The Alternative Soundtrack to Ghost in the Shell – with Lennon, Cornelius & the sounds of AI

Share this post

The average cyberpunk fan has probably seen both the original Ghost in the Shell anime and its sequel Innocence; if feeling generous, they may have also checked out the 2002 TV anime, Stand Alone Complex. Music wise, they’d be familiar with the haunting chorals employed by Kenji Kawai in both the original film and Innocence. When Ghost in the Shell passed over onto the small screen, composing duties were handed over to Yoko Kanno, whose soundtrack for Stand Alone Complex was released over 6 whopping volumes, including one for the SAC TV movie, Solid State Society. Unlike the Kawai albums, these releases sound more like compilations as opposed to a body of work with a unified vision, consisting as they do of tracks that jump from styles like techno one minute to piano instrumentals the next. The most curious of the collections has to be the album Be Human, which was actually released as a Yoko Kanno album despite containing short and quirky compositions only from SAC, along with the spin-off series of shorts entitled Tachikomatic Days. The album was eventually re-released as part of a SAC CD box set, along with a USB stick modeled after the cute little Tachikoma tanks that pop up over all iterations of Ghost in the Shell. The sounds on this quasi-7th volume complement the Be Human release, as it too is full of the charmingly strange sounds that the AI tanks are known for.

In a departure from the norm, the next musician to take on Ghost soundtracking duties wasn’t a composer, but a musician known more for their work in the indie realm. Enter Cornelius, real name Keigo Oyamada. Best known for his hazy and sparse take on the sunny electronic genre known in 90s Japan as ‘Shibuya-kei’, Cornelius is adept at taking just a few guitar lines of his own making to create perfect loop-driven displays of hypnagogic pop. As such, many fans expected his soundtrack to the feature length animation series Ghost in the Shell: Arise to be more similar to the work of Kawai as opposed to Kanno. Instead, it’s rather like a mixture of both, with a more esoteric attitude to melody and rhythm applied to a SAC-esque mixture of rock and electronica.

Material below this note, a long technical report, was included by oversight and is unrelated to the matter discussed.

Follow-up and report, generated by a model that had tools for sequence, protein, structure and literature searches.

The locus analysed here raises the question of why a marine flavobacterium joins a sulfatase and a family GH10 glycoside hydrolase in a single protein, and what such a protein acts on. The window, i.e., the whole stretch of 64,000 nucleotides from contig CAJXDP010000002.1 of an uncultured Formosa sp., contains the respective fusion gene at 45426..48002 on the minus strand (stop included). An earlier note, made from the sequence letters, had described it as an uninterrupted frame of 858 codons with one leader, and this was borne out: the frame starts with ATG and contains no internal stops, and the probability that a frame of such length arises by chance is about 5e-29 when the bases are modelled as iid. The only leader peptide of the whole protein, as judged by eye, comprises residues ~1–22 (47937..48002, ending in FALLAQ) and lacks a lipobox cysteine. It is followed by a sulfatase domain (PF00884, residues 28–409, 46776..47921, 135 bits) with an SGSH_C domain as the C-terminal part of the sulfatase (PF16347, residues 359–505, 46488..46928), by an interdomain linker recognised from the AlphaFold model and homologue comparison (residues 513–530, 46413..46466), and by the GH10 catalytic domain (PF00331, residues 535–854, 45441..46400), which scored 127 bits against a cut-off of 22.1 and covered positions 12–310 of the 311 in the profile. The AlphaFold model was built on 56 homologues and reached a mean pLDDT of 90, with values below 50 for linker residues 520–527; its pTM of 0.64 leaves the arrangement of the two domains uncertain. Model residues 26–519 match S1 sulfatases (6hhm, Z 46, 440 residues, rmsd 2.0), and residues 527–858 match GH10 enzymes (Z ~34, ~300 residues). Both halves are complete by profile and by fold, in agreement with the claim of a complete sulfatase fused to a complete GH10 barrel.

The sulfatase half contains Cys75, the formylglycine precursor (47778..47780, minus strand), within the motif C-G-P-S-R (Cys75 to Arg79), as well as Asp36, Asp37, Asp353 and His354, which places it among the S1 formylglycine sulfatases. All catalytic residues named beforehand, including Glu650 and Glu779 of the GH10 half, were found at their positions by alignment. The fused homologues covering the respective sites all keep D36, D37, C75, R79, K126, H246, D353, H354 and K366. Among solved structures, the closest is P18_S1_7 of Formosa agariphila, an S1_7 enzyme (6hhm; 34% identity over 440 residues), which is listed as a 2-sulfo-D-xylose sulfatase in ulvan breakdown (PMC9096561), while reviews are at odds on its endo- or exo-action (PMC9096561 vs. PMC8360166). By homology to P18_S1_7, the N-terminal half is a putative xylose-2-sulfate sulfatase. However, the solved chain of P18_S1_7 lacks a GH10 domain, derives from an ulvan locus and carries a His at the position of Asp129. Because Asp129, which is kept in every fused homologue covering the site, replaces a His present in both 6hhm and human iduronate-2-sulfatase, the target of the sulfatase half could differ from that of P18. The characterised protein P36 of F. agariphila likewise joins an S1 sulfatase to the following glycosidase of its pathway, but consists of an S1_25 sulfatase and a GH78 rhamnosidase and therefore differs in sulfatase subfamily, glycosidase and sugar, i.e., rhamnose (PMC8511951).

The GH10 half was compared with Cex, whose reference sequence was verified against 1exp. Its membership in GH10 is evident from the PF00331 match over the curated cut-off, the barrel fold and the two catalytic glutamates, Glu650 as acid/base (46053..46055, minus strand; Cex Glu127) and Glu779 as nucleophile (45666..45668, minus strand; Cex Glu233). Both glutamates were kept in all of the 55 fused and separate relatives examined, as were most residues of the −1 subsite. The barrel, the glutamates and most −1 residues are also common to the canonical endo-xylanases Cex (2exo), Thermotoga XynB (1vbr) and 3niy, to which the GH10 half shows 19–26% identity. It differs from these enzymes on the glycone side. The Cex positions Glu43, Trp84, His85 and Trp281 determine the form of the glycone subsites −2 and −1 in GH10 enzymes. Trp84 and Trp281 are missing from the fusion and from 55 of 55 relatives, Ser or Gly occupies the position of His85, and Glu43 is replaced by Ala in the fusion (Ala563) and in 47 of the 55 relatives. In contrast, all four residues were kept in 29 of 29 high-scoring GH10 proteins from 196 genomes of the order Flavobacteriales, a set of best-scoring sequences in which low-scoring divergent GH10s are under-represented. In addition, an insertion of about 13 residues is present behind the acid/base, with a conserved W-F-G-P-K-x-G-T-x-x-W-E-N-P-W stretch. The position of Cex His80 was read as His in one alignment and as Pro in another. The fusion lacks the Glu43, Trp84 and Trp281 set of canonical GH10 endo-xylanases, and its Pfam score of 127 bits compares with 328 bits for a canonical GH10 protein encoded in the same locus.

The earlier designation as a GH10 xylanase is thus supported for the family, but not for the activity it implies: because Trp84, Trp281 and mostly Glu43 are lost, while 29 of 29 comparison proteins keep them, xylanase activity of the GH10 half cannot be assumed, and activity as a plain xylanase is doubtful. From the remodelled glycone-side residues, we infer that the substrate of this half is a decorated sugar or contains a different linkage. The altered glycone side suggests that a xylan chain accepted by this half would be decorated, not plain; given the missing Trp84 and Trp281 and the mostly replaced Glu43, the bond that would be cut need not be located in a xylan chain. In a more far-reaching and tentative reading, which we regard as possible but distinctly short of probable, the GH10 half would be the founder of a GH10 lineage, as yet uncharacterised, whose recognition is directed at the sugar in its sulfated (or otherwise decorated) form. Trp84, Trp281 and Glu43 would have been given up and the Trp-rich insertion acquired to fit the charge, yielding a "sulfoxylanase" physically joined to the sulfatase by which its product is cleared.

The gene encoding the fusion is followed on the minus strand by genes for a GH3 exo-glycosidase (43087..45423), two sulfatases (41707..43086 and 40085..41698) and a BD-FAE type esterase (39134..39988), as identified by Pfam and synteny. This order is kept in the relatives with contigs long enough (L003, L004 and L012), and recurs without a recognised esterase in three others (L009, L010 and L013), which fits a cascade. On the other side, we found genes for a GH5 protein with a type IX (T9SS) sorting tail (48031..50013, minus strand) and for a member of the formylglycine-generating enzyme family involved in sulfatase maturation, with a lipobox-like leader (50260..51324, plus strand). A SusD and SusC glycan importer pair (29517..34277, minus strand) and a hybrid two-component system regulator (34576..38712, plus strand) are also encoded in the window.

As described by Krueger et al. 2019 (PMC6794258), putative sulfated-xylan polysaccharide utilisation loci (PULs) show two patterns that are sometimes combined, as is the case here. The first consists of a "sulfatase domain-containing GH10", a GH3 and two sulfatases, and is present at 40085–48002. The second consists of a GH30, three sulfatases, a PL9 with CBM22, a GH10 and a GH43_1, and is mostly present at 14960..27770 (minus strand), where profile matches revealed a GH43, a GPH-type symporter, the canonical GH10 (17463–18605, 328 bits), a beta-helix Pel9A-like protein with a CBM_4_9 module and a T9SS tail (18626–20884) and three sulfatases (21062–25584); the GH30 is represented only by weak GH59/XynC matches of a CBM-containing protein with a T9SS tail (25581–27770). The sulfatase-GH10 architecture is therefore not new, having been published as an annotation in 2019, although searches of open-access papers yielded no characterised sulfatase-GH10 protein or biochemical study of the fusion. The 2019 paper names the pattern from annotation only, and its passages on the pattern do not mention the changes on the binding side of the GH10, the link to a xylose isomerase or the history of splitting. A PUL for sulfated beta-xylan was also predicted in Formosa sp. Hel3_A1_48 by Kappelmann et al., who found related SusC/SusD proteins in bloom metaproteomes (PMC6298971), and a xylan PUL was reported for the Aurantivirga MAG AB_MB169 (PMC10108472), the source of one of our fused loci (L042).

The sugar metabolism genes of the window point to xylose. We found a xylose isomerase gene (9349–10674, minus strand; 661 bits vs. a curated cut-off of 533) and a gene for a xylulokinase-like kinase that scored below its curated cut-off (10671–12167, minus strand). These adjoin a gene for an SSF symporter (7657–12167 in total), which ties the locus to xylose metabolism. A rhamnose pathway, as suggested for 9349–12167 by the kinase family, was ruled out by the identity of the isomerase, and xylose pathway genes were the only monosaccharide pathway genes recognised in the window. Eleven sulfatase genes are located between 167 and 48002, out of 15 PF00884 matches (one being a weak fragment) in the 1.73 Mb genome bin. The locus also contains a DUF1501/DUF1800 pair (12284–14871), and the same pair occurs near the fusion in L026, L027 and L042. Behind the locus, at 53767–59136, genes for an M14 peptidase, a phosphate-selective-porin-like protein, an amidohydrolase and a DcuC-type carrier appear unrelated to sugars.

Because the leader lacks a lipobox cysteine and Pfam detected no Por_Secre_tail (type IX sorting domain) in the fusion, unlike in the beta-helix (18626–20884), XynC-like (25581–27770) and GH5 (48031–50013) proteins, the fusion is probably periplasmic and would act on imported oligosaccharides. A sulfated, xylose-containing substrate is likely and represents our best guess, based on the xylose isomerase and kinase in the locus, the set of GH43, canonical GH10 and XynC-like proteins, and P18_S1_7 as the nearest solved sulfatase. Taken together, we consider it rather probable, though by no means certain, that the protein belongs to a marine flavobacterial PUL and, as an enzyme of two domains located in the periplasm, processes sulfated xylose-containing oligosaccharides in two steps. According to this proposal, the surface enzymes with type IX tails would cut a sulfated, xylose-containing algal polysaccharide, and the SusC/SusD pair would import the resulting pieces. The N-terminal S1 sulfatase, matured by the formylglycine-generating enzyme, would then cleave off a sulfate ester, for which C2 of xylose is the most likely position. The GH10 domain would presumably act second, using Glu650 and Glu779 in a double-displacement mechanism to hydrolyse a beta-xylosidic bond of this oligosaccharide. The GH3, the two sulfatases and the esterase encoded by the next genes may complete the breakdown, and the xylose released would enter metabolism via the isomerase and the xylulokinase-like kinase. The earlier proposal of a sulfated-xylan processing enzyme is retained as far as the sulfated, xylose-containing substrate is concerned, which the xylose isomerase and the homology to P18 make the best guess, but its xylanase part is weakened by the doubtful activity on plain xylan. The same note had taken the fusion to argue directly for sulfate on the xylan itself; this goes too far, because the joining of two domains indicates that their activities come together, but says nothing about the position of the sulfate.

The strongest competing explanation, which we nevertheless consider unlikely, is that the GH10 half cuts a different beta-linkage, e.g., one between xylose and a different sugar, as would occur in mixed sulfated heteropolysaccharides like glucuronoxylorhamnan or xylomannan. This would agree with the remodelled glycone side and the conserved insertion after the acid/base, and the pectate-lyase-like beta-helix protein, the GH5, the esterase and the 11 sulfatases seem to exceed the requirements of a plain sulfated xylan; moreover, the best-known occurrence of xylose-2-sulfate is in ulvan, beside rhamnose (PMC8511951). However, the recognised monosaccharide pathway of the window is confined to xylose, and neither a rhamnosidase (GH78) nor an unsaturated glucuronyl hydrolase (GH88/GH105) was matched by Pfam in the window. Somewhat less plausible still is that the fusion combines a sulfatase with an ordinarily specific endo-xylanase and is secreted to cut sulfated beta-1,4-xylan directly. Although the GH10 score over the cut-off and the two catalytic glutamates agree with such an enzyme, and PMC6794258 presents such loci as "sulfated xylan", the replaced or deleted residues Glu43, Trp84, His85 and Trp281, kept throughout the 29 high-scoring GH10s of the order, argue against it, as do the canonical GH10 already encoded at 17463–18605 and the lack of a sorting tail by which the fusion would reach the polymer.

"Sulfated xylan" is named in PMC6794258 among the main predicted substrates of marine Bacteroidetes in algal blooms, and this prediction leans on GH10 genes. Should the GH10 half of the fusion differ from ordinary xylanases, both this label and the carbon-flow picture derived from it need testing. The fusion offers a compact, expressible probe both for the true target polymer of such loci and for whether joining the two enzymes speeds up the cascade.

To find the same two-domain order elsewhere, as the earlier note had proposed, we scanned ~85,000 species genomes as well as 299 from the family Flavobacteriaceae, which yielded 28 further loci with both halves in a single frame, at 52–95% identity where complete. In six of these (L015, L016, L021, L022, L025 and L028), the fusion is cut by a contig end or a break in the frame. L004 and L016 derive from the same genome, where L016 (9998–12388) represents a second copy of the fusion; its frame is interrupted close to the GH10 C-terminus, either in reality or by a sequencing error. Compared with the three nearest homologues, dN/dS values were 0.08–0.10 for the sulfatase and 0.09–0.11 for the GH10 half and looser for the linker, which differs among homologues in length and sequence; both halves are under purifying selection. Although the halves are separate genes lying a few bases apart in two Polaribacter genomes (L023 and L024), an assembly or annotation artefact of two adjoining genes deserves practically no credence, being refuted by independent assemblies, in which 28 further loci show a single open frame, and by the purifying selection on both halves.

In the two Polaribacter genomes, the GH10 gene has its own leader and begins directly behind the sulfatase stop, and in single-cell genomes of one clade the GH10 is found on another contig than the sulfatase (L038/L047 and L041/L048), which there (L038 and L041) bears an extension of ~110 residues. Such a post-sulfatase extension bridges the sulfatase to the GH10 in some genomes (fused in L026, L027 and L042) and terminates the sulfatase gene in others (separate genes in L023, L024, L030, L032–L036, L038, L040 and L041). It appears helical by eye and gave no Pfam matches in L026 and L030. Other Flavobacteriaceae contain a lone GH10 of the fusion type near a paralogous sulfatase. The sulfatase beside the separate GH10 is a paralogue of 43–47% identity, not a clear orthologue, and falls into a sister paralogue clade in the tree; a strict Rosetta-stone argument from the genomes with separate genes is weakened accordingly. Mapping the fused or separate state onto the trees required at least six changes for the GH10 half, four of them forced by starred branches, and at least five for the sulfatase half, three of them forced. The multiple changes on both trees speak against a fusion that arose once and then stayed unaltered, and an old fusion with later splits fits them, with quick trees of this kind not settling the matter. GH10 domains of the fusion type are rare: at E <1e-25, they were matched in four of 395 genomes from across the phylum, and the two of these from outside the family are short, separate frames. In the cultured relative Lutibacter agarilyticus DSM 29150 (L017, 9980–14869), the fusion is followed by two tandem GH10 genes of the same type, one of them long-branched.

This approach is best seen on his instrumentals, the majority of which make up the first volume of his music for the five Arise movies, as was released on CD in 2013.  Vocals are used sparingly, at times cut up as in the main theme, embedded below, in a way that’s reminiscent of unique Japanese percussion trio Asa-Chang and Junray.

Other highlights from the anime soundtrack include the Vangelis-esque Surfin’ on Mind Waves, Ending Title‘s gorgeously sombre lullaby, and the sweet spaciness of Jibun Ga Inai, a collaboration with Salyu x Salyu, which you can listen to below.

Following the release of Arise and its soundtrack came the concluding chapter to the new saga, Ghost in the Shell: The New Movie, which, unlike the preceding pentalogy, received a proper theatrical release much like the original classic did all the way back in 1995. In the same year of 2015, Cornelius released his soundtrack to the movie, Ghost In The Shell: The Movie – GitS Arise Alternative Architecture, a 19 track CD in fancy 3D packaging that also featured tracks for the Ghost in the Shell: AAA TV series (essentially a season-long repackaging of the Arise features).

The movie soundtrack sees more collaboration and vocal work, such as the fantastic Split Spirit by METAFIVE, a long-running supergroup featuring esoteric producer Towa Tei and Yukihiro Takahashi, of legendary electronica group YMO.

The very lit Heart Grenade with Sean Lennon is another example of a well-known name in the tracklisting. Unfortunately, the two collaborations with female artists don’t come anywhere near the quality of the Salyu x Salyu track, and, with the exception of Involution No. 9, none of the instrumentals are as strong as those on the previous CD. This soundtrack feels less like a cohesive statement, and more like one of the Kanno releases for Stand Alone Complex.

That said, the music still sounds like Cornelius, and all of Cornelius’s music is worth a listen. If you’re interested in hearing out more by him, then do check the following recommendations:

Fantasma (1997 album)

Point (2001 album)

96/69 (1995 remix compilation by other Japanese artists)

Beck – Mixed Bizness remix from CM2 (2003 compilation of interpretations by Cornelius)

Some of the links included in this article are Amazon Affiliate links. If you would like to purchase these items, consider using the links provided and help support Neon Dystopia.

Leave a Reply